Traditional Architecture: Kastellorizo’s Elegant 19th-Century Homes

The history of Kastellorizo's golden period is written in the buildings of its town, a grand and cosmopolitan legacy that must be preserved.

In its heyday, the settlement of Kastellorizo numbered about 1,500 houses, which according to custom, were given as dowry to daughters. They feature, in terms of their construction, a standard layout, using abundant timber from the coasts of Asia Minor and industrial products imported from the ports of the West.

The traditional house of Kastellorizo is made of masonry with wooden floors, and usually features a gabled roof and a pediment on the facade. The floor plan is rectangular and usually occupies an area of ​​about 40-50 square meters.

On the ground floor, we often find a commercial space or storage area, and a separate entrance to the staircase for access to the first floor. Almost always, the ground floor is saddled over a vaulted cistern, in which rainwater is collected from the roof. In addition, on the ground floor we find in an open layout a characteristic central timber column that supports a large middle beam and other smaller ones as part of the first floor’s bearing structure.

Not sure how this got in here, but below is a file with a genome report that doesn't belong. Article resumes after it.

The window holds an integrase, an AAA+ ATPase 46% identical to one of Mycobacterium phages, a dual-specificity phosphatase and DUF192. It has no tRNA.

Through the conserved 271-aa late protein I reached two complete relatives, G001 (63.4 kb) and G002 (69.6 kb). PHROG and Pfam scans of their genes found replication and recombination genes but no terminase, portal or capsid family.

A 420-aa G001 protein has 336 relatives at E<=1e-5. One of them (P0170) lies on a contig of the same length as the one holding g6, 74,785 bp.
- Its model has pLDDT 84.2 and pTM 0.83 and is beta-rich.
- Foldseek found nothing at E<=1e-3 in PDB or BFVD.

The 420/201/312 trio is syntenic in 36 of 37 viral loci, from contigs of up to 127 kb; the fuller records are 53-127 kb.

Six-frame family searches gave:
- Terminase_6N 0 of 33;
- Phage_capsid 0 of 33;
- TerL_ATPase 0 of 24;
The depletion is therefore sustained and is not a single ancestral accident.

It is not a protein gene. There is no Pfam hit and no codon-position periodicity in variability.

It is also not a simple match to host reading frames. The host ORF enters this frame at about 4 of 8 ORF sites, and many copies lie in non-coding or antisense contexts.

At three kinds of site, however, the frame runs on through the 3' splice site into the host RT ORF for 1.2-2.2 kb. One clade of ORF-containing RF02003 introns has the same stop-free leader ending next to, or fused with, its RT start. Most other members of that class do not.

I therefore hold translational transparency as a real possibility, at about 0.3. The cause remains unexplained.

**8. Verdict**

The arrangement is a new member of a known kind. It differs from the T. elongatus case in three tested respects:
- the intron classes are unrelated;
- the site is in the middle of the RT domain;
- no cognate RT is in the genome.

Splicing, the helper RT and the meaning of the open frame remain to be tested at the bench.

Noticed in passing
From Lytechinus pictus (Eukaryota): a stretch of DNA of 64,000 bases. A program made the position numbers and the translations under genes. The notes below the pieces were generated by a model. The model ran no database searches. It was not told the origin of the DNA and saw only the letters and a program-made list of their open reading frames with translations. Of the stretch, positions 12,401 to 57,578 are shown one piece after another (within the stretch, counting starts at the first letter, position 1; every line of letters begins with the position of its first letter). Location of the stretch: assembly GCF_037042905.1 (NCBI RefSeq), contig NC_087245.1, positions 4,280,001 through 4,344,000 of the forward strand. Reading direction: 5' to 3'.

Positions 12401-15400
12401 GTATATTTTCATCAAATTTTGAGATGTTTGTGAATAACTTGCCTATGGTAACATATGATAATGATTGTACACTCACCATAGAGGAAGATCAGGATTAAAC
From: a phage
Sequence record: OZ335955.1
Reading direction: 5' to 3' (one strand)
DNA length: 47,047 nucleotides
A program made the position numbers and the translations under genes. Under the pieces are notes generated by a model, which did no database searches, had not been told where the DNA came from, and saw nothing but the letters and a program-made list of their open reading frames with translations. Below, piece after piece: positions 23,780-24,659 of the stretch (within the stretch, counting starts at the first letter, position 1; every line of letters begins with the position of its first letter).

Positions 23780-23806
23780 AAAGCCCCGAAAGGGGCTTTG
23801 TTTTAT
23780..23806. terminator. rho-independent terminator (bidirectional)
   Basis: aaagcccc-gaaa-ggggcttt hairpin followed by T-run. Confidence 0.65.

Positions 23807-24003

The first floor features a hall room along the facade, for the reception of guests, and, usually adjacent, a smaller room with a fireplace, arranged towards the back of the house, suitable for cold winter evenings.


Furnishings are few; mattresses would be laid out at night for sleeping on the floor, while food was eaten sitting on rugs.

Among the few movable furnishings, notable are the sitting  bench, with space below for storage, and the sini, the low round dining table. Fixed furnishings included wood-carved shelves for the display of ornamental plates and other valuable objects, and the elevated iconostasis in front of which a religious lantern was hoisted.

On the facade, a timber balcony is a common feature, which, due to the narrowness of the streets, is often only a short distance from nearby dwellings. The houses are plastered and painted in shades of ochre, deep red and blue, while internally a larger palette of colors sought to distinguish the various living spaces.

About the author

Fotini Chalvantzi is an architect engineer – restorer (MSc NTUA, PhD Candidate NTUA-School of Architecture).

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